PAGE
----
Paris beats London for second year running in student city stakes

High tuition fees and cost of living have lost London the top place in the QS Best Student Cities Index for the second year in a row, while North American cities fare less well than those in Europe, the Far East and Australia.

The highest placed North American city is Boston, in eighth place after Singapore (3), Sydney (4), Melbourne and Zurich (joint 5), and Hong Kong (7). Montreal is ranked ninth and Munich tenth.

The QS Best Student Cities index rates cities with two or more globally-ranked universities based on 14 criteria in five categories: university rankings, student mix, quality of living, employer activity and affordability.

Each city receives a score out of 100 in each category, adding up to an overall ranking of the world’s best cities for students.

Paris versus London

Paris has 17 universities ranked by QS – one fewer than London, which has the most.

Paris’ high living costs are offset by relatively low tuition costs, high quality of life and a thriving student community. Graduates from the French capital’s universities are in high demand among both local and international recruiters.

In contrast, while its universities perform strongly in the global league table, London is let down by the affordability rating partly because of high tuition fees in comparison with Paris, given that it is not a cheaper place to live. London is also ranked lower for quality of living than the other top five cities.

It does receive the highest score in the rankings category of the index, with 18 ranked institutions, including two within the world’s top 10.

London also does well for employer activity and student mix and remains one of the world’s most popular student cities, offering an impressive range of world-leading educational facilities within a buzzing hub of culture, nightlife and international diversity, according to QS.

Rest of the top 10

In third position, Singapore reflects the increasingly strong performance of Far East universities in many areas.

The city state rises nine places since the exercise was last carried out in February 2012, reflecting its growing reputation as one of the world’s greatest student cities, despite having just two ranked universities – the minimum requirement for inclusion.

Singapore’s improvement is exceeded by Hong Kong – in seventh place – up 12 places since the last best student cities index. It offers relatively low daily living expenses and seven leading educational institutes, three of which rank among the top 40 universities in the world.

Australia also does well, with Sydney just ahead of Melbourne. Quality of living and high scores in all categories except affordability (average tuition costs are higher than in London, although lower than in many US cities). Melbourne loses out to Sydney because of a slightly lower quality of living score, although this is still higher than either Paris or London.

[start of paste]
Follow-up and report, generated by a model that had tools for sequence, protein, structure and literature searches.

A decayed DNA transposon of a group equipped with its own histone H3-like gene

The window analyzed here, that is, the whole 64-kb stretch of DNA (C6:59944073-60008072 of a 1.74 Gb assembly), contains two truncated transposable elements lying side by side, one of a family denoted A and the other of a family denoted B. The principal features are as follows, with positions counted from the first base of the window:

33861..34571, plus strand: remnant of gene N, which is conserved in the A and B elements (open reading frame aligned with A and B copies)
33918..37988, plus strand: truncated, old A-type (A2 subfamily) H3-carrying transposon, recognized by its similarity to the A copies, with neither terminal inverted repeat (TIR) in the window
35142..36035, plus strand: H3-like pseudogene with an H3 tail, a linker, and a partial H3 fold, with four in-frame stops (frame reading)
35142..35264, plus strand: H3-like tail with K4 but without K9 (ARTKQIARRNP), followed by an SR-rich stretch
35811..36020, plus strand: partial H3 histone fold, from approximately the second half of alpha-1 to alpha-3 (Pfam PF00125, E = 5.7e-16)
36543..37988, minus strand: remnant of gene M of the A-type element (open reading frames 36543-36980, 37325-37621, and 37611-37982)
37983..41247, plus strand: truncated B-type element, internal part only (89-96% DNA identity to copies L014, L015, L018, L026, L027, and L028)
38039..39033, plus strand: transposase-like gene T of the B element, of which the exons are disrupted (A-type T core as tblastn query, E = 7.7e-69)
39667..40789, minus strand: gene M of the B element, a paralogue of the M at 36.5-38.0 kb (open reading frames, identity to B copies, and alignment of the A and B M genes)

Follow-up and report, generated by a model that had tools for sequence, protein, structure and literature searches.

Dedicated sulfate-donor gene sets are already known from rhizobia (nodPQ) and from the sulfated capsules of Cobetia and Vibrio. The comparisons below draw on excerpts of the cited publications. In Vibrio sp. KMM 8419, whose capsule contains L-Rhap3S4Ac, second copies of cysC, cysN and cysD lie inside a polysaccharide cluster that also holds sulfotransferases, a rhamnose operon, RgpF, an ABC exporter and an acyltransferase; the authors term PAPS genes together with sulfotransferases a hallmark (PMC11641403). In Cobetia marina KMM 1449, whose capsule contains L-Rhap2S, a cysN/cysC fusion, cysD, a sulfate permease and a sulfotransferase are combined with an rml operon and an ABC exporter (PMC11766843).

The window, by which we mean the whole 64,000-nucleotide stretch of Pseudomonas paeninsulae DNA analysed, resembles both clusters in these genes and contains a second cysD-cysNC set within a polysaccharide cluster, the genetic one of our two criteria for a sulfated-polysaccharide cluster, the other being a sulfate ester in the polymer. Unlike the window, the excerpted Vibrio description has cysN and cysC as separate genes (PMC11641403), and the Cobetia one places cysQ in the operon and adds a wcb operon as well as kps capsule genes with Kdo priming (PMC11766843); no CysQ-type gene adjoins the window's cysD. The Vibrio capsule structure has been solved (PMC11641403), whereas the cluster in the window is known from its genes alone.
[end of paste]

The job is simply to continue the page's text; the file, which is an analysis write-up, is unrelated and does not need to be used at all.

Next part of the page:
In addition to Paris and London, Europe is represented in the top 10 by Zurich and Munich.

In fifth place, Zurich has moved up two places and scores almost top marks for quality of living and the best score in the top five for affordability, which it achieves by combining high living expenses with relatively low tuition fees.

Munich has climbed three places to tenth, displacing Berlin and scoring well for quality of living and getting the highest score within the top 10 for affordability, thanks to minimal tuition fees.

In North America, Boston slumps from third to eighth place this year, despite including the Massachusetts Institute of Technology and Harvard University in its catchment area. Montreal climbs one place to ninth, scoring highly for student mix and its top-rated universities.


The measures in detail:
  • • University rankings draw on the performance of universities in the ranked cities in the QS World University Rankings.
  • • Student mix is a measure of the relative size and diversity of the student population.
  • • Quality of living is based on the 2011 Mercer Quality of Living Survey, with the cities it does not assess given a minimum of half the available points in lieu of further data which QS has requested.
  • • Employer activity is based on employers’ responses to the employability of a city’s institutions.
  • • Affordability measures tuition fees and cost of living through the Big Mac Index A compiled and published by the Economist Intelligence Unit and the Mercer Cost of Living Index.
The full top 50 can be seen here.


Good! They deserve this as punishment for not supporting the future generation.

Christopher Weir on the University World News Facebook page